5. There are thousands of intermediate fossil forms. Everything in the fossil record is intermediate. We have intermediates between fish and amphibians, between amphibians and reptiles, between reptiles and mammals, between mammals and primates, and between other primates and humans. Darwin specifically predicted we would find fossils like early birds with separate digits in their wings (something that had never been found before and must exist if birds evolved from land animals and their wings were modified from arms with five digits). Two years after he made the prediction archeopteryx was discovered. I just read a book “your inner fish” (very interesting btw, I recommend it) by a paleontologist chronicling, among other things, the discovery of tiktaalik and transitional fossils showing how reptile teeth changed to mammalian teeth, something which seemed impossible. What is especially interesting about this is the fact that both times they were specifically looking for those fossils – they predicted what environment they would be found in, how old they would be, what geological strata they would be found in etc, all with the theory of evolution. This is what sets real science apart from pseudo-science, the ability to predict discoveries before they’re made. Scientists don’t dig up fossils then begin speculating about them, they say “if our model is correct these thousand things must be in the fossil record and these thousand things can’t be in the fossil record – then dig up the fossils and let the chips fall where they may.

      6. I read not too long ago that archeopteryx was, in fact, NOT an intermediate form between dinosaurs and birds, according to some Chinese scientists.

        I am not sure what you are referring to as to the “thousands” of intermediate fossil forms. Aside from the dubious “monkeys to man” line, where are, for example, the “dog” line of fossils (from what to dogs?), or the elephant line, or giraffe, etc., etc. If evolution were actually true, you would have to explain ALL life forms as evolving from the majestic protozoa which supposedly was the starting point (which entify, of course, is highly complex to begin with and hardly something which could result from “primordial ooze,” or whatever in the world is supposed to have happened to “get the ball rolling”). Where are all these “lines”?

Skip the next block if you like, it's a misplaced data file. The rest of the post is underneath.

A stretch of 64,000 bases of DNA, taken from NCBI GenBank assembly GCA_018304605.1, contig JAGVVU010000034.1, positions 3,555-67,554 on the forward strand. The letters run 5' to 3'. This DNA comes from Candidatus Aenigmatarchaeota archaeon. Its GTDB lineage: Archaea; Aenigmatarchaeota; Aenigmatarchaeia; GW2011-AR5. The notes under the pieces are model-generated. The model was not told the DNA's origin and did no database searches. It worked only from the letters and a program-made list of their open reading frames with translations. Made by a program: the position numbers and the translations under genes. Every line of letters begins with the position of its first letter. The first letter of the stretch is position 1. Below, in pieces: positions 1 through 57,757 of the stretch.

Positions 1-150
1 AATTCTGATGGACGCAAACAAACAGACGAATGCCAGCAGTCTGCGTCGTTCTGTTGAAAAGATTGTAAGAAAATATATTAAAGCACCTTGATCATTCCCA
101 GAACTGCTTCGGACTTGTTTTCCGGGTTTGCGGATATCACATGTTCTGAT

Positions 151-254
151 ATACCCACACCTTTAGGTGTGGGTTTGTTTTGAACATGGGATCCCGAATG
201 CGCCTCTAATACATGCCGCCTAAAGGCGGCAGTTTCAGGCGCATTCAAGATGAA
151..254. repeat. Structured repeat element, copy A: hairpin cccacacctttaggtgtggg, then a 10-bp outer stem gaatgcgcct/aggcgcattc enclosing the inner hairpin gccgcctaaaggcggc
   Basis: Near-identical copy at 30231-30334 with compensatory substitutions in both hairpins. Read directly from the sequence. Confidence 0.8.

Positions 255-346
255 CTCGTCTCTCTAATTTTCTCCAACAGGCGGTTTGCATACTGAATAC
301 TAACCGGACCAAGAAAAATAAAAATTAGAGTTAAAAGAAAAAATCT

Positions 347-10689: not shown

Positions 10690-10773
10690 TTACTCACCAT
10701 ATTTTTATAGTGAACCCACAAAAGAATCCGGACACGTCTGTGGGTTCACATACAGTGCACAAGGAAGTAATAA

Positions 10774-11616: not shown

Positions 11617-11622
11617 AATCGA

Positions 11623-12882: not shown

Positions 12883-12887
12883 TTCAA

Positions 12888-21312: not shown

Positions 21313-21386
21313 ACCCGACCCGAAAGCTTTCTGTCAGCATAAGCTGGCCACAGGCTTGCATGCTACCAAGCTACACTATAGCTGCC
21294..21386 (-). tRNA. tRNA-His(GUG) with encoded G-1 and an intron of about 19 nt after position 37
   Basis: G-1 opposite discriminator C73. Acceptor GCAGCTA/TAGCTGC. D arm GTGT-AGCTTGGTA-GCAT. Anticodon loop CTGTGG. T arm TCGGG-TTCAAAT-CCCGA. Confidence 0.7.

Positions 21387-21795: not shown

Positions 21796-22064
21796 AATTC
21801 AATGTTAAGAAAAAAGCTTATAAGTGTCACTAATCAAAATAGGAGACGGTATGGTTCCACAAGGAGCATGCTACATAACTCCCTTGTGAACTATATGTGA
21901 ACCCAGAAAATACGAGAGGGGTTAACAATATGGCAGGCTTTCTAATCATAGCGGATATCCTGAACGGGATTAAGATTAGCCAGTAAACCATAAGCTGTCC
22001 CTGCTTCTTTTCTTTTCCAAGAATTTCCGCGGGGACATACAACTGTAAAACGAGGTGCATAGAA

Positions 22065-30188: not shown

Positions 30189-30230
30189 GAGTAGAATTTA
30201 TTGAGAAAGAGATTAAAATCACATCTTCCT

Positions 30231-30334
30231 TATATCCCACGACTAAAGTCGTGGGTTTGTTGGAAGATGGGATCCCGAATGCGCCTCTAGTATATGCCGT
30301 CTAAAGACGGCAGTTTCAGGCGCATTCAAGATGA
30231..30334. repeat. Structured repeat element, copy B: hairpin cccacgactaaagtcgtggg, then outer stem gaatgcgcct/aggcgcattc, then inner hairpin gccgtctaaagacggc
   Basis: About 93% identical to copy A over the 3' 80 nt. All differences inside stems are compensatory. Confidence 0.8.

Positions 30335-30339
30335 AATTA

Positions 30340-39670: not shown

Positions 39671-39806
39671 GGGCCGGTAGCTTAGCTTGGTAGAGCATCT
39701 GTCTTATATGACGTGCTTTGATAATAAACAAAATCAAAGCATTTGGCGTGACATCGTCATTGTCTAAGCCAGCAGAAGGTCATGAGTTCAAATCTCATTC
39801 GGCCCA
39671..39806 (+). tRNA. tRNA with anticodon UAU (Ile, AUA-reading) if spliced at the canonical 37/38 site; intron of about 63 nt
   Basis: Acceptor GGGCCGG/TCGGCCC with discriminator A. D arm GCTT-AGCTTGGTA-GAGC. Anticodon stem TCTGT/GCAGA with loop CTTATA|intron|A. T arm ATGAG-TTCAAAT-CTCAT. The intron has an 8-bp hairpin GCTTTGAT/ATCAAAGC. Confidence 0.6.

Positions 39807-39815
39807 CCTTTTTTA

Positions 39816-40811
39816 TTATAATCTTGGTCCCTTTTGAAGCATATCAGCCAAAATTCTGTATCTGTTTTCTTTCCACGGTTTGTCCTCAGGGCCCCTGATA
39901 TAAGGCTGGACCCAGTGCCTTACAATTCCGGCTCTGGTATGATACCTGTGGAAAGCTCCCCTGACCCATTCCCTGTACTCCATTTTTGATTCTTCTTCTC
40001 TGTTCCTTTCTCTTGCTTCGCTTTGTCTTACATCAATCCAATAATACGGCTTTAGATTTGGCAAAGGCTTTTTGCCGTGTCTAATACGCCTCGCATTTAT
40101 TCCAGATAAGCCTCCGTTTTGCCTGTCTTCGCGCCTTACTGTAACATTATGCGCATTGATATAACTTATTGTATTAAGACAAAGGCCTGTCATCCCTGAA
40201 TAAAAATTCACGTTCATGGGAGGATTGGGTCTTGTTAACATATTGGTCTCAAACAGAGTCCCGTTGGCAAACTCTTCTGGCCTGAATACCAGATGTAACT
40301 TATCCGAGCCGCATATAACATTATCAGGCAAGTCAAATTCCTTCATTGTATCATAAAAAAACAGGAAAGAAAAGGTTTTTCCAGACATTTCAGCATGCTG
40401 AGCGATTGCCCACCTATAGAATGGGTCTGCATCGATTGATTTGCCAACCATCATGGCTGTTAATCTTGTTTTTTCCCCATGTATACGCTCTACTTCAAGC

7. “I read not too long ago that archeopteryx was, in fact, NOT an intermediate form between dinosaurs and birds, according to some Chinese scientists.”

        It’s a dinosaur with feathered wings, you tell me if that’s intermediate between birds and dinosaurs. Since then 24 species of dinosaurs have been found that had feathers, including btw, velociraptors which are grossly mis-portrayed by hollywood (in reality they were 3 feet tall).

        “I am not sure what you are referring to as to the “thousands” of intermediate fossil forms.”

        Everything in the fossil record is intermediate between what came earlier and what comes after. Every fossil is intermediate. When scientists speak of transitional forms they sometimes mean something else, a fossil that has the characteristics of more than one modern group and thus could be an ancestor (or more likely a cousin to an ancestor since it’s not a straight line) of both groups. We have loads of these two, and I mentioned many of them in my last comment.

        “Aside from the dubious “monkeys to man” line,”

        Humans and other primates share a common ancestry. We are both cousins to one another, they are not our ancestors, nor is any modern species the ancestor of any other modern species any more than I am your great great great grandfather, or visa versa. As for “dubious” fossils, they’re fossils. What is dubious about them?